The nitty-gritty details of Sony's deal with Spotify paint a picture of a very lopsided negotiation indeed, with Sony commanding an unbelievable "most favored nation" status from the streaming music provider that entitles it to top-up payments to match other labels whose music is more popular on the service.
The Verge obtained and published a copy of the contract -- possibly from the Sony email dump -- but subsequently removed it after a copyright complaint (presumably from Sony, though it's possible that Spotify, or law-firms working for either company, could have asserted copyright in the documents).
The copyright complaint is at least as eyebrow raising as anything in the contract. Copyright is only attracted to creative, not factual or functional works, meaning that any copyright in the contract will be "thin." In addition, there are strong, recent precedents for the idea that posting entire newsworthy documents for the purpose of discussion and criticism is fair use.
Digital Music Review has called for copies from anyone who may have saved them.
Even without the contract itself, there's one clear conclusion from the details revealed in the article: the labels do not lack for revenue from the streaming music companies. If artists are getting shafted on payouts for streams of their music -- and it's clear that they are -- it's because the labels are screwing them, not because the streaming companies aren't paying out.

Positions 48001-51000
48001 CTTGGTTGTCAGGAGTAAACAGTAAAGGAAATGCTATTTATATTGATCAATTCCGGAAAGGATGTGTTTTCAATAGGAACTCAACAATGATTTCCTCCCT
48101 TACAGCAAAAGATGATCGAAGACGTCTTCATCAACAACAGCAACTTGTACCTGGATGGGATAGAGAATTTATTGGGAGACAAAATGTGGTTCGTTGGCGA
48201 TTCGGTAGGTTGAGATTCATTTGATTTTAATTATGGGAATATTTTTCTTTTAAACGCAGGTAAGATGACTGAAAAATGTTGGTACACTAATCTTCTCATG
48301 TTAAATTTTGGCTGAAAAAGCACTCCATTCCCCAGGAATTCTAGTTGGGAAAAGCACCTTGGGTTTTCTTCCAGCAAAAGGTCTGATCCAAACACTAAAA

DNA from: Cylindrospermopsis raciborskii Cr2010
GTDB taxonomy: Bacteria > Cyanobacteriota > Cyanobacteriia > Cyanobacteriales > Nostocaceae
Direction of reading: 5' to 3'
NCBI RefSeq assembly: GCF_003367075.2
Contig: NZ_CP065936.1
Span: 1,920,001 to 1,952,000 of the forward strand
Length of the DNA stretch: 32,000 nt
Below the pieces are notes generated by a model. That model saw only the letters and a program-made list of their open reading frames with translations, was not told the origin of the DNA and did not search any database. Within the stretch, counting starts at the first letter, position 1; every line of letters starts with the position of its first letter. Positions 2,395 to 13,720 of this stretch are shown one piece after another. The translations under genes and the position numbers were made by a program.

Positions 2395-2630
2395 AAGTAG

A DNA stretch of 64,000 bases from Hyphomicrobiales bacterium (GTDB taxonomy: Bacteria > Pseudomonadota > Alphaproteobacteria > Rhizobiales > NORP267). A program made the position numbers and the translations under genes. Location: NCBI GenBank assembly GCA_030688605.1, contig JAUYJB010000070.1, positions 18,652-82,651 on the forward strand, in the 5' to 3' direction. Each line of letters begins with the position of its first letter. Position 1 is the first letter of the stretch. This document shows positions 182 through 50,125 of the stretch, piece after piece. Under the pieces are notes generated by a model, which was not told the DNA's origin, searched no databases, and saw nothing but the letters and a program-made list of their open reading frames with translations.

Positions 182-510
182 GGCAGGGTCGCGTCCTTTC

Sony Music’s Most Favored Nation clause is the most intriguing piece of its contract with Spotify. Section 13 essentially makes every major aspect of the contract amendable if any other label has a better deal or interpretation of that aspect than Sony Music. Section 13(2) lists the provisions which can be amended in Sony Music’s contract if a better deal is obtained by another music label, including what constitutes an "active user," the definition of gross revenue, and any improved security provisions. Sony Music can call on an independent auditor once a year to determine whether Spotify has struck a more agreeable deal with any other labels.
Having an MFN clause in a contract is standard for music licensing contracts, according to multiple sources. MFNs have garnered scrutiny in the past, and as part of its merger with EMI in 2012, Universal Music Group had to stop using the clauses in Europe for 10 years. But they remain legal in the US.
Where the MFN clause truly comes in handy for Sony Music is when it’s used in conjunction with section 5, the "annual true-up of advances" clause. This clause makes sure Sony Music’s yearly advances from Spotify are on par with the best deal negotiated by any other label based on the percentage of market share. That means if another music label is getting paid $1 million by Spotify for each percentage of market share it has, and Sony Music is getting $600,000 per market share percentage, Spotify must pay Sony Music the $400,000 difference — known as the adjusted contract period advance — at the end of each contract year.
This was Sony Music's contract with Spotify [Micah Singleton/The Verge]
(Icon: Sony, CC-BY-SA)